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Eye on a cure: Bandage contact lenses may heal ocular graft-vs.-host disease

Small study shows big benefit from contacts that soothe debilitating side effects

Oct. 30, 2014 | JoNel Aleccia / Fred Hutch News Service

Julie Polon

Julie Polon suffered from painful graft-vs.-host disease in her eyes after a stem cell transplant until she joined a clinical trial of contact lenses that acted as bandages. Polon was photographed at Sacred Heart Medical Center in Spokane, Washington.

Photo by Rajah Bose for Fred Hutch News Service

It took a stem cell transplant from her sister to help Julie Polon survive Stage IV non-Hodgkin lymphoma. But the same treatment that saved her life also threatened to ruin it with side effects caused by a common and devastating condition.

Now, thanks to scientists at the Fred Hutchinson Cancer Research Center, Polon, a 47-year-old mother of five, has found a way to heal one of the worst symptoms of chronic graft-vs.-host disease, which occurs when cells from a stem cell donor attack the body of the host.  In Polon’s case, the GVHD affected her intestines, her mouth, and, worst of all, her eyes.

Her case of ocular GVHD was so severe, the Colville, Washington, woman was recruited as one of the first participants in a clinical trial of bandage contact lenses, therapeutic devices that protect the cornea and soothe the dry eye, irritation, redness and light sensitivity suffered by many stem cell transplant patients.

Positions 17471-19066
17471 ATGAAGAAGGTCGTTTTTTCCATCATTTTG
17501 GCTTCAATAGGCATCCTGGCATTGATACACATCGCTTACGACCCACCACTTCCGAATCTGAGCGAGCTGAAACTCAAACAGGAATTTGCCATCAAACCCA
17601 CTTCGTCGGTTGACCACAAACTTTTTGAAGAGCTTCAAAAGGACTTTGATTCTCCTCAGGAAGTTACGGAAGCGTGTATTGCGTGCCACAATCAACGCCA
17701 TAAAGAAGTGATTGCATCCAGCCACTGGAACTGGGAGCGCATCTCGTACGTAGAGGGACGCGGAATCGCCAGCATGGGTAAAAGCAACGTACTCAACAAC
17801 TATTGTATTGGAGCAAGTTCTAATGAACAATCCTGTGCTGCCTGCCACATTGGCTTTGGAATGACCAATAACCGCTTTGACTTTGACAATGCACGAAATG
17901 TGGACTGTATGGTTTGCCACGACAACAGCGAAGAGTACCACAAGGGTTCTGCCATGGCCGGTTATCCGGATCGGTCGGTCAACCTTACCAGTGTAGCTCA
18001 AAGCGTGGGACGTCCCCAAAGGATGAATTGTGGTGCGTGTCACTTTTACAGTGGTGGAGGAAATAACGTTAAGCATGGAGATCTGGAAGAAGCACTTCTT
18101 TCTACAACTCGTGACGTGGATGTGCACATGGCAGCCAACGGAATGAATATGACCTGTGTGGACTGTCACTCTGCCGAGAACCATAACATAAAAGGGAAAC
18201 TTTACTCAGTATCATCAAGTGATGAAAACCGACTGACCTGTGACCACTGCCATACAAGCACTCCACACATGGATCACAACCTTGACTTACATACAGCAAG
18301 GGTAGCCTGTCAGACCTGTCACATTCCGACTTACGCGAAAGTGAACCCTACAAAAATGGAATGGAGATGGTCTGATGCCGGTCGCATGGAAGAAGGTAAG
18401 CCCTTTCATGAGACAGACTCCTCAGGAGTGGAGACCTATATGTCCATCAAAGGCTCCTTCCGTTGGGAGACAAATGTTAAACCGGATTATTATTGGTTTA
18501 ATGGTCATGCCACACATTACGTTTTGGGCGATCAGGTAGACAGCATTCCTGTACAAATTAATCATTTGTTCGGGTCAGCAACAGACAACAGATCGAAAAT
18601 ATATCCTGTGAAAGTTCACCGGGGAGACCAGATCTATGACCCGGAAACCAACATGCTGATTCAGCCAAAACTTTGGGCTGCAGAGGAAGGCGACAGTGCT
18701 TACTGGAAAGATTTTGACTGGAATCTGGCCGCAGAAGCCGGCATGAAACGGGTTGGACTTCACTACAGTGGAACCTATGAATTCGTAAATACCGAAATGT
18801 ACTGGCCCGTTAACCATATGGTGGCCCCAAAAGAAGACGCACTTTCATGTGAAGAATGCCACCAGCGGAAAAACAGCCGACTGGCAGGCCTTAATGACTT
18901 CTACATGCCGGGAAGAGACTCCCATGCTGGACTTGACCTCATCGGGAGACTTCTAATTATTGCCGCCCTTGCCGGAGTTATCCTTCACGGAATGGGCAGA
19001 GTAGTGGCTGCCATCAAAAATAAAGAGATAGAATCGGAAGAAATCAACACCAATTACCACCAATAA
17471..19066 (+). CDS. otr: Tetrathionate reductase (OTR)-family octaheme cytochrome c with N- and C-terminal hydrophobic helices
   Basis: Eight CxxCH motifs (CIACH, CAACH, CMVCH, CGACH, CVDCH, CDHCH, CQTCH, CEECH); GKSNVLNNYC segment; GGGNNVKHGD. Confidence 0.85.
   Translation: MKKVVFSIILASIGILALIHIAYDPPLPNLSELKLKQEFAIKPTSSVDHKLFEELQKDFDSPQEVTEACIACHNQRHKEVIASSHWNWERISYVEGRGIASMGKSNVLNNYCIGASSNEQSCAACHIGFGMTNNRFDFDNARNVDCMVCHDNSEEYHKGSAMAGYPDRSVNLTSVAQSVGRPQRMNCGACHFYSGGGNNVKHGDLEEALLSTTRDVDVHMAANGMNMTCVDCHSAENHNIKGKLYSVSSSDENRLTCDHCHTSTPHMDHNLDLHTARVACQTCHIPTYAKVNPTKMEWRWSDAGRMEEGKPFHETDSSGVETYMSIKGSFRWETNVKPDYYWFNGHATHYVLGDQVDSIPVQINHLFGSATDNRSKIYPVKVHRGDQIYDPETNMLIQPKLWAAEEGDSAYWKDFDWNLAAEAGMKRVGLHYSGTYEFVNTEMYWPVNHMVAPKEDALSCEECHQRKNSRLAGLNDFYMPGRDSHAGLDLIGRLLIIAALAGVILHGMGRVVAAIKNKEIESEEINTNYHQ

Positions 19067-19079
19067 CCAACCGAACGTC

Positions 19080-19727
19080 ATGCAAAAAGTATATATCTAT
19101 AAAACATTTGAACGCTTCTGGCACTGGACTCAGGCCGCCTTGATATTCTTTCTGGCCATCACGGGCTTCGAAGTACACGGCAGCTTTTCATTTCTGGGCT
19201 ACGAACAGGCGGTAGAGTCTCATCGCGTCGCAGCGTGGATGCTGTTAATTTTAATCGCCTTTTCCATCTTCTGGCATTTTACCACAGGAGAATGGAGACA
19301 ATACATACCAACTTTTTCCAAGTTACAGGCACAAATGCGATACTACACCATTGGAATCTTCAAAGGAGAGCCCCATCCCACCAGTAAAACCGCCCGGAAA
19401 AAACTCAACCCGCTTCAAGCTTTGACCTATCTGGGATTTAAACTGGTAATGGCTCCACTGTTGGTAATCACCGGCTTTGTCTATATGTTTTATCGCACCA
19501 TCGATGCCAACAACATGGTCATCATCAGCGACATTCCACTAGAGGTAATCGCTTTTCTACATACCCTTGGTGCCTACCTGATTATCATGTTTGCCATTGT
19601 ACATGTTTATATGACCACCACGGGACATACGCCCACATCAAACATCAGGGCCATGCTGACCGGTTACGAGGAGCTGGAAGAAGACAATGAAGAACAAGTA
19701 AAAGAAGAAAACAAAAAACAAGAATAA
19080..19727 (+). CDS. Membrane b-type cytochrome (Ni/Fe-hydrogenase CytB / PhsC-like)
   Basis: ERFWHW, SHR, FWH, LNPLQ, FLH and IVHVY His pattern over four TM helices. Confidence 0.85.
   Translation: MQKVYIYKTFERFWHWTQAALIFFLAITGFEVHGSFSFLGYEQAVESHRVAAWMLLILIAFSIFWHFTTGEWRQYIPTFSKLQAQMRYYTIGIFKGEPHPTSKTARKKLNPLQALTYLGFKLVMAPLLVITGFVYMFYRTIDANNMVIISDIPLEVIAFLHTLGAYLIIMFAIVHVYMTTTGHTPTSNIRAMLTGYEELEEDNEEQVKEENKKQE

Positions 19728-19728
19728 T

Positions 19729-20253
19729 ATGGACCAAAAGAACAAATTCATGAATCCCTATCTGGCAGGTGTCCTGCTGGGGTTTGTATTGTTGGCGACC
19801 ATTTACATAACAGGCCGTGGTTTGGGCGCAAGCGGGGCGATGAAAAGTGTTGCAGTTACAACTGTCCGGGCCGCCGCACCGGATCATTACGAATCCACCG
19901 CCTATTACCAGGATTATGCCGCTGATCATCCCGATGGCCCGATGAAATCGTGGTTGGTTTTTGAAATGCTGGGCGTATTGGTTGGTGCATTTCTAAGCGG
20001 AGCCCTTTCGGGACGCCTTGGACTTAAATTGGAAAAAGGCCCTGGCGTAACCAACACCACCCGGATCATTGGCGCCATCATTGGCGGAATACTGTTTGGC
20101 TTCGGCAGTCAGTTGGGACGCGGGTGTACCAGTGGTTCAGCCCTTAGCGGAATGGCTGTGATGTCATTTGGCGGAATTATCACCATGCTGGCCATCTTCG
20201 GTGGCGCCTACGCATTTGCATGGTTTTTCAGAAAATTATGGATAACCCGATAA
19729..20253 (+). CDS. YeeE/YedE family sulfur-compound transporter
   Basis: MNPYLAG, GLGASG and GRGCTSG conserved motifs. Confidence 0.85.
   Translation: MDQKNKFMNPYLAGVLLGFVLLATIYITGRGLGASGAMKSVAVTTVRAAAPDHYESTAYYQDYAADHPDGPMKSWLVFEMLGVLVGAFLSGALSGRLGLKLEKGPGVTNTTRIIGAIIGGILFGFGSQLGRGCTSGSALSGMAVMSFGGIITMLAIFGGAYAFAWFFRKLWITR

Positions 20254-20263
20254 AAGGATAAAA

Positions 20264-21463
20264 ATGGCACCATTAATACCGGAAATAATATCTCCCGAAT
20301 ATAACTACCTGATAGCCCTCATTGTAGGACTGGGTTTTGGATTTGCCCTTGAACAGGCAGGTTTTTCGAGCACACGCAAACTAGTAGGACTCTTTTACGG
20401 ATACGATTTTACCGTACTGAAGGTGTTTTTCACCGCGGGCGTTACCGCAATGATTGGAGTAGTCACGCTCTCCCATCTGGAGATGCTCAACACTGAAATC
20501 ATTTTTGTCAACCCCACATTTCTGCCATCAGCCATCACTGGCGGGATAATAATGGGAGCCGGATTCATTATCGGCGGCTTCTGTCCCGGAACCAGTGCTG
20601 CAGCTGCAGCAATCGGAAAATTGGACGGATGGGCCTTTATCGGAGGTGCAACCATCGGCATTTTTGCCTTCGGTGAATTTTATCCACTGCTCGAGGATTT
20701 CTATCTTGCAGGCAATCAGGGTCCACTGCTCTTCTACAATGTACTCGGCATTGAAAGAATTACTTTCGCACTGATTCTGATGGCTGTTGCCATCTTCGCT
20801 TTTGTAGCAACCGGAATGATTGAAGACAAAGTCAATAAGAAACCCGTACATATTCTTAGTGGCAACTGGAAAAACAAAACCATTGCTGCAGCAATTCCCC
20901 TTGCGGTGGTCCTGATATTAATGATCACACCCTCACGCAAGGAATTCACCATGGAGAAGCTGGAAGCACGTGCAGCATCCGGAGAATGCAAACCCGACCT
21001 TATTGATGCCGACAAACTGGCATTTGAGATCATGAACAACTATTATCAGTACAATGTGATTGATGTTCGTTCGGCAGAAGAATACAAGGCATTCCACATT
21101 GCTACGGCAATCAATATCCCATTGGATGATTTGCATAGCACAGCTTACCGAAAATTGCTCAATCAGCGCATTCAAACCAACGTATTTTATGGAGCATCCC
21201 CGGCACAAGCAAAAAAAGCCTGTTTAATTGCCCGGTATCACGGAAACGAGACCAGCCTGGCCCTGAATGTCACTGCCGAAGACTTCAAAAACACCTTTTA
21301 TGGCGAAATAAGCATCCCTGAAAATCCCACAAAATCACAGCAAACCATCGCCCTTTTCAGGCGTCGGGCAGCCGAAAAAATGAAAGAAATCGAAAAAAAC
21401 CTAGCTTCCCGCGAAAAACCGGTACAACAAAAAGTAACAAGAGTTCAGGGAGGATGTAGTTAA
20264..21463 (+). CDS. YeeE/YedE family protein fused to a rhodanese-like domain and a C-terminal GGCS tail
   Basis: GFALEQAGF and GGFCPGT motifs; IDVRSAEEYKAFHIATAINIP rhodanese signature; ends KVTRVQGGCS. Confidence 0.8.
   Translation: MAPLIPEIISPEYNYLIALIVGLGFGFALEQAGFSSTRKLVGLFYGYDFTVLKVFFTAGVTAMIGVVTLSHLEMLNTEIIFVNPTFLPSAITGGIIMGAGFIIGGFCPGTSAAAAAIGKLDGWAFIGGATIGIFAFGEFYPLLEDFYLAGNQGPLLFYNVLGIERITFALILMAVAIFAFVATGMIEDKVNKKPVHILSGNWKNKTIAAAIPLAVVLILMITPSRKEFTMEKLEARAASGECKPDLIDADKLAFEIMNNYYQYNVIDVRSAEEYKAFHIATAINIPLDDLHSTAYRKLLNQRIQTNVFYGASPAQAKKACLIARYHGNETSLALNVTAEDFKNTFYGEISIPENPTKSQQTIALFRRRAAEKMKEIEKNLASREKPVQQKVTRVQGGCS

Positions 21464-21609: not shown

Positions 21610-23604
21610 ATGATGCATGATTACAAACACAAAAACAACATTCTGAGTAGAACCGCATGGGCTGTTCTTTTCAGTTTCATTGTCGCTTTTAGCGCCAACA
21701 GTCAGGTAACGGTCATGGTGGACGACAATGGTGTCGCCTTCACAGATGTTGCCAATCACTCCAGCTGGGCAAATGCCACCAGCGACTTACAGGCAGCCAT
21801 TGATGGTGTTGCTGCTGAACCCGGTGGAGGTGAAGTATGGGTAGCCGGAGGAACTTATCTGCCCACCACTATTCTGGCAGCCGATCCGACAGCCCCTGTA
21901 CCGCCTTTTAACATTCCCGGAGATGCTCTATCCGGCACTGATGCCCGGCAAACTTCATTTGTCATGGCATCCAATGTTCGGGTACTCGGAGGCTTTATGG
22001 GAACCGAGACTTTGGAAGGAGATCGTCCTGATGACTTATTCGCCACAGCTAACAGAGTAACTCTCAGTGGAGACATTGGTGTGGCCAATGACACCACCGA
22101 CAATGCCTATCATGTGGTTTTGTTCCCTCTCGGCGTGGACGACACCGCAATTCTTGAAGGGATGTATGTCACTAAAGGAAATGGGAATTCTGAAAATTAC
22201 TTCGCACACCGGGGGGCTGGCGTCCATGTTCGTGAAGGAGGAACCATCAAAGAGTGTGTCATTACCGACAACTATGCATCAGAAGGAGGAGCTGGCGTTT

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The changing face of mammography

New study highlights cost effectiveness of adding 3-D imaging for women with dense breast tissue

Oct. 28, 2014 | By Diane Mapes / Fred Hutch News Service

Dr. Christoph Lee

Dr. Christoph Lee, a researcher with the Hutchinson Institute for Cancer Outcomes Research, led a new study that evaluated the cost effectiveness of adding 3D mammography to standard digital imaging for women with dense breasts.

Photo by Robert Hood / Fred Hutch News Service

Women with dense breast tissue have long been in a quandary.

Dense tissue slightly elevates the risk for developing breast cancer and it can also be difficult to read. Unfortunately, 2-D digital mammograms alone may not spot a hidden cancer so many women opt for additional screening. But what is the most effective screening method to catch a potential cancer? And will this additional screening be covered by insurance?